The killing of Sheikh al-Nimr should serve as a prime moment for the US to reconsider its alliance with Saudi Arabia, says Medea Benjamin.
The brutal Saudi execution of Shia cleric Sheikh Nimr al-Nimr has led to protests around the Muslim world, as well as the burning of the Saudi Embassy in Tehran, followed by Saudi Arabia severing relations with Iran. This exacerbation of Sunni-Shia tensions is the result of the reckless Saudi action against a popular, nonviolent Shia Muslim leader. Also reckless is the US government’s response, failing to condemn the Saudi government and distance itself from the regime.
On January 2, the Saudi government executed 47 people, most of them by beheading. Those executed included Sunnis convicted of al-Qaeda-affiliated attacks, as well as Shia opponents—Nimr and three others arrested when they were still juveniles.
The killing of Nimr has sparked a massive reaction because he was a prominent religious leader who defended the Shia minority and criticized the abuses—both domestic and foreign—of the Saudi regime. He supported the 2011 anti-government protests in Saudi Arabia’s Eastern Province, protests that erupted in the wake of the Arab Spring. The oil-rich Eastern Province is home to some 2 million Shia Muslims, who have long complained of discrimination by the Sunni government.
In response to increasingly vocal demands for reforms from Shias, who constitute about 15% of the total population, Saudi authorities waged a harsh crackdown. Nimr was arrested and imprisoned in 2012, then convicted of sedition, disobedience and bearing arms. He did not deny the political charges against him, but insisted he never carried weapons or called for violence.
He also distanced himself from sectarian divisions. He called for people to stand up to tyrants regardless of their sect—from the Sunni rulers in Bahrain to Syria’s Bashar al-Assad, who is from the Alawite sect of Shia Islam. “Sheikh al-Nimr preached that we should support the oppressed against the oppressor, regardless of religion,” said Gulf scholar Ali al-Ahmed. To add insult to injury, Sheikh Nimr’s nephew, Ali al-Nimr, was targeted and arrested at the age of 17 for protesting government corruption, and he has since been sentenced to beheading and public crucifixion.
The Saudi government was well-aware that killing Nimr would enrage Shia Muslims both inside and outside the country. Saudi actions abroad have already raised sectarian tensions, such as the 2011 Saudi military intervention in Bahrain to crush a democratic revolt dominated by the country’s majority Shia. The Saudi military intervention in Yemen against the Houthis (a Zaidi Shia group), an ongoing intervention that has killed thousands of innocents and caused a humanitarian crisis, has also angered the Shia community. And Saudi efforts to topple the Iranian-backed Assad regime in Syria also fuel tension between Saudi Arabia’s Sunni leadership and its Shia citizens.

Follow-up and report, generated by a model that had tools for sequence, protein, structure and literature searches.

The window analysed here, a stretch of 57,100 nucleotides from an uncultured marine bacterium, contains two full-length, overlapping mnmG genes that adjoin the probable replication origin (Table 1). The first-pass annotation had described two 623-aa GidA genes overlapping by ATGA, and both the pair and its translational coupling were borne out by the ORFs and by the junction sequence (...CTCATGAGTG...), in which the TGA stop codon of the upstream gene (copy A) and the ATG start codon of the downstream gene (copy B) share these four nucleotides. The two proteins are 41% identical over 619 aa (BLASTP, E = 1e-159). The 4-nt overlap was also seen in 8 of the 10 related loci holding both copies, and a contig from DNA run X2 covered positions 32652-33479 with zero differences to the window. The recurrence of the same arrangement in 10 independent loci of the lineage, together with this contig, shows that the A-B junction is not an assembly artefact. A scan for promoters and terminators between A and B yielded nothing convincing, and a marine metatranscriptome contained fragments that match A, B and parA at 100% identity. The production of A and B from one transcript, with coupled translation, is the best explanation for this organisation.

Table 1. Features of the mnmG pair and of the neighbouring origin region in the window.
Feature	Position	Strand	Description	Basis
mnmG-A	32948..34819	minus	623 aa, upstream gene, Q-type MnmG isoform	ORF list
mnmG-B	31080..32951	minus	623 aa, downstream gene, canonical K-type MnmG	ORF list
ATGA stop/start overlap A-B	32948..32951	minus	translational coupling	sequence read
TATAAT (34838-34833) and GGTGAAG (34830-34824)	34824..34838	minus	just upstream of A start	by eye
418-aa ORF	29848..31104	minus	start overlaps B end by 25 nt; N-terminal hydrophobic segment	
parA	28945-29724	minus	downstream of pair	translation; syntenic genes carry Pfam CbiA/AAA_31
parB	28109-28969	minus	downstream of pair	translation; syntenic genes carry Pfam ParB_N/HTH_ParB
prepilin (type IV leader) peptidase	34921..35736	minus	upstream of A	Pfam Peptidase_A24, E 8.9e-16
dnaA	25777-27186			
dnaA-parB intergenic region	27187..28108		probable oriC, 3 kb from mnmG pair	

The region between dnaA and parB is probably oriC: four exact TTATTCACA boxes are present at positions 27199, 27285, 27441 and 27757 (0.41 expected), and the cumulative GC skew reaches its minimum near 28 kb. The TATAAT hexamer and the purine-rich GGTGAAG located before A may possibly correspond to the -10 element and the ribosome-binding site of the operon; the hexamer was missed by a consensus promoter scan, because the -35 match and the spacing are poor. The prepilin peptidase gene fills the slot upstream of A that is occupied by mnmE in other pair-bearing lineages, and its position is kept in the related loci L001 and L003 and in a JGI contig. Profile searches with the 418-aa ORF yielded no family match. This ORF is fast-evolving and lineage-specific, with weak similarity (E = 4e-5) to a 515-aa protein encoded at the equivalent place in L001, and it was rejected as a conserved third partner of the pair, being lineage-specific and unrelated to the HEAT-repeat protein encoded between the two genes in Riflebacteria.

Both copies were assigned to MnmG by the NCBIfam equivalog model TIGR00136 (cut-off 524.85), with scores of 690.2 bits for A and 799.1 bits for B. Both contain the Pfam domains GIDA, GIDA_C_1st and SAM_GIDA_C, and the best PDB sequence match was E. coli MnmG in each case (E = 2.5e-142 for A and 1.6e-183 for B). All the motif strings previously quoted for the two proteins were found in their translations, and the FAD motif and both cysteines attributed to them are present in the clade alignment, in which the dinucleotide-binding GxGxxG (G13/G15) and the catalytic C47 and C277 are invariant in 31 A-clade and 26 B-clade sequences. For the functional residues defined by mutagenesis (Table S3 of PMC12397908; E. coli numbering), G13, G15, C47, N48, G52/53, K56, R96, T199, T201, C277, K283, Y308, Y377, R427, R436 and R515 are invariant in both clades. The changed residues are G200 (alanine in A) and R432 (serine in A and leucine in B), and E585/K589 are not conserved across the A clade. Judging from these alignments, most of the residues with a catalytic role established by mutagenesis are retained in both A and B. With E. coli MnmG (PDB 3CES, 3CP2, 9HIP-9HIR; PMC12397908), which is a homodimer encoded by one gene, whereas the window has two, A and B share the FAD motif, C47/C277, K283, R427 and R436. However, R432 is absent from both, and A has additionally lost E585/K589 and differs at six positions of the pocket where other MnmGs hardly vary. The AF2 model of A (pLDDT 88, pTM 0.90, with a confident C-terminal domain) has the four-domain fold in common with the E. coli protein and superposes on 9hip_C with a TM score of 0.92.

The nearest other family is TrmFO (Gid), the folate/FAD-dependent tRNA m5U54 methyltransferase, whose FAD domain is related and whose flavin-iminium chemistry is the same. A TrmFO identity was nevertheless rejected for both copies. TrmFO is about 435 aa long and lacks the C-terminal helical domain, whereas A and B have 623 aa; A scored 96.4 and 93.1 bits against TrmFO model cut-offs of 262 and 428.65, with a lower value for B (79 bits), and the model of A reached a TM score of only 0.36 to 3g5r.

An additional factor fanning ethnic hatred has been Islamic State (IS) attacks on Shia mosques in the kingdom. Many Shia Muslims hold the Kingdom of Saudi Arabia’s religious establishment responsible for the attacks and maintain that Saudi officials turn a blind eye to IS’ sectarian agenda in the country.
The cleric’s execution will also complicate Saudi Arabia’s relationship with the Shia-led government in Iraq, where the Saudi embassy was just reopened for the first time in nearly 25 years.
The US government has expressed concern that Nimr’s execution risked “exacerbating sectarian tensions at a time when they urgently need to be reduced.” The government understands that the explosive reaction to the Nimr execution has the potential to bring even more bloodshed to the Middle East—from derailing Syria peace talks to prolonging the war in Yemen and rekindling uprisings in Bahrain.
But instead of insisting on Nimr’s release during his years in prison and echoing Amnesty International’s condemnation of his “deeply flawed” trial, the US government was silent. Even after the execution, the US failed to issue a strong denunciation.
For decades, US governments—both Democratic and Republican—have backed Saudi Arabia. The US-Saudi alliance dates back to World War II, when US officials started to see Saudi’s oil as a strategic advantage. Since then, the US has blindly supported the kingdom in almost every political and economic effort, despite the fact that Saudi Arabia is an ultraconservative monarchy rife with human rights abuses.
Saudi Arabia has consistently been ranked by Freedom House as one of the worst humans rights violators in the world. Earning the lowest possible score in all three categories of freedom, civil liberties and political rights, it is one of only ten nations considered “not free.”
The killing of Sheikh Nimr should serve as a prime moment for the US to reconsider its alliance with the Saudi regime—a regime that not only denies human rights to its own people, but exports death and destruction abroad.
The views expressed in this article are the author’s own and do not necessarily reflect Fair Observer’s editorial policy.
Photo Credit: Nimr